A quick peek at Seddon Park
End names: Members End, City End
Home team: Northern Districts
Test history: 22 games – 9 home wins, 6 away wins, 7 draws
The ground is located close to the centre of Hamilton, New Zealand’s fifth largest city 150 kilometres south of Auckland, and is renowned for it’s village green-style setting, affording a picnic atmosphere for spectators.
Known as Seddon Park, having been named for former New Zealand Prime Minister Richard John (King Dick) Seddon, the track has a history of favouring spin bowlers.
Originally outfitted for cricket, Seddon Park is a well-grassed stadium with a centre block of nine pitches, running approximately North/South.
It is usually a very good batting track depending on preparation and which side of the ground the strip is on.
Seddon Park has nine pitch strips. The five strips on the city side of the wicket block are Patumahoe clay, the four on the Frankton side of the ground are Waikari. Out the back the nets are also split and are prepared to as closely replicate the wicket block as possible.
The Waikiri side is known to be slower and favour spin while the Patumahoe side is quicker.
There is a grass embankment going around three-quarters around the venue.
Last time out
Rain ruined the contest between New Zealand and South Africa with the hosts seemingly on the brink of victory.
Quiton de Kock’s 90 rescued the Proteas from a tricky situation in their first innings but Kane Williamson’s 178 stole the headlines.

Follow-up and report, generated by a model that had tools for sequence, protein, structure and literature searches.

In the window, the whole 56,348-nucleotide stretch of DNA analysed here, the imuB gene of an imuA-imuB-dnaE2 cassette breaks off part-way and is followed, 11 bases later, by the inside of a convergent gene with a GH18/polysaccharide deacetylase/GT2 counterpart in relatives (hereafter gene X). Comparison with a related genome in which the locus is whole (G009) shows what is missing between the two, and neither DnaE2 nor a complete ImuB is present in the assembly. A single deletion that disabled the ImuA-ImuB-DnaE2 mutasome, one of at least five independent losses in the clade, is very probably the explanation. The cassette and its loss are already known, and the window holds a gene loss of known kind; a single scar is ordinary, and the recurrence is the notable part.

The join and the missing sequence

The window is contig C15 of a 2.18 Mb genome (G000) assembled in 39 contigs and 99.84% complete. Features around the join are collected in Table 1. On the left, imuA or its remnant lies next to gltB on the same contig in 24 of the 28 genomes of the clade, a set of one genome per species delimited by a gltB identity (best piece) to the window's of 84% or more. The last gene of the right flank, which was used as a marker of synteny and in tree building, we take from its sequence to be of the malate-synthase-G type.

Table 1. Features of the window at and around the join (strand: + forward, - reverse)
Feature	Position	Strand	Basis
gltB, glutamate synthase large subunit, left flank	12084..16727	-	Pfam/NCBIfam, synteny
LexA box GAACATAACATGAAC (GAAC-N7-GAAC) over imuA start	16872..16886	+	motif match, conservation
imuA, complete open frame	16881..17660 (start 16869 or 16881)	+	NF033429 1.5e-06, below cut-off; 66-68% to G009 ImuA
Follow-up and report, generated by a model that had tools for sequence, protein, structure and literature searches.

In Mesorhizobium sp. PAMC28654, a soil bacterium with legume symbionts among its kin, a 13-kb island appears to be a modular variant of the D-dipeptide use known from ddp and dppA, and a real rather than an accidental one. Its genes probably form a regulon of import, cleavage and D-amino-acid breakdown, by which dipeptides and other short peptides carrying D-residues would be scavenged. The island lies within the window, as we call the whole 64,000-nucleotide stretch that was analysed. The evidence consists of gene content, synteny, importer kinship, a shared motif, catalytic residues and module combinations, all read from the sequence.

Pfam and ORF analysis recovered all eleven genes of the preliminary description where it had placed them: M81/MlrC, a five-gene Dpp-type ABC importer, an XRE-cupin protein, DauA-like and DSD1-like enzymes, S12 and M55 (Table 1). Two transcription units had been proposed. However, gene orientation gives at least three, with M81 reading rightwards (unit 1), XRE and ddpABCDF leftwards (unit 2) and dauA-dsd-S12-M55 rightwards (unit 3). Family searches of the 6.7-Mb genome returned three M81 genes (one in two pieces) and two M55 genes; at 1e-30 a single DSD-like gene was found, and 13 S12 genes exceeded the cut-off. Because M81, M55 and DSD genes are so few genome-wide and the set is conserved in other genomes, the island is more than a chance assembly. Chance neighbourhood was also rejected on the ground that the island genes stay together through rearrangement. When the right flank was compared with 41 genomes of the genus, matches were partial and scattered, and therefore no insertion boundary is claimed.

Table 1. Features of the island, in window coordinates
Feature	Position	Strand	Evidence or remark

Rain washed out day five and allowed the Proteas to sneak a series win.
Happy Hunting ground
Kane Williamson has scored 584 runs at the venue in ten innings including a big ton in his last outing here.
Tim Southee’s 34 wickets at the venue make the returning quick the leading wicket-taker at the ground in the current squad.
Kraigg Brathwaite’s hit 52 runs in two innings here in 2013, he is the only Windies player in the current squad to have played in Hamilton in Test cricket.
Groundsman Karl Johnson warns against the notion that the grass on the pitch will allow ample seam movement: “Asian teams and even the West Indians, they see these pitches and they wonder whether our mowers are broken down.
“People think they’re going to seam round, but they don’t. We run ryegrass on them, and that assists the pace of the ball, when it kisses off.
“At this stage I’ve got it to where I need it to be, and I don’t want to add any water to it now. It’s a bit of a holding pattern at the moment. Tomorrow It’ll probably get a sneaky little roll early in the morning, because if I roll during the heat of the day it can actually change the colour of the grass really quick.”
The weather looks well set to play along and allow a result this time around.
The pitch is expected to play true but it should offer some assistance for the fast bowlers with the new ball.
Once batsmen are settled they should find it reasonably easy to score.
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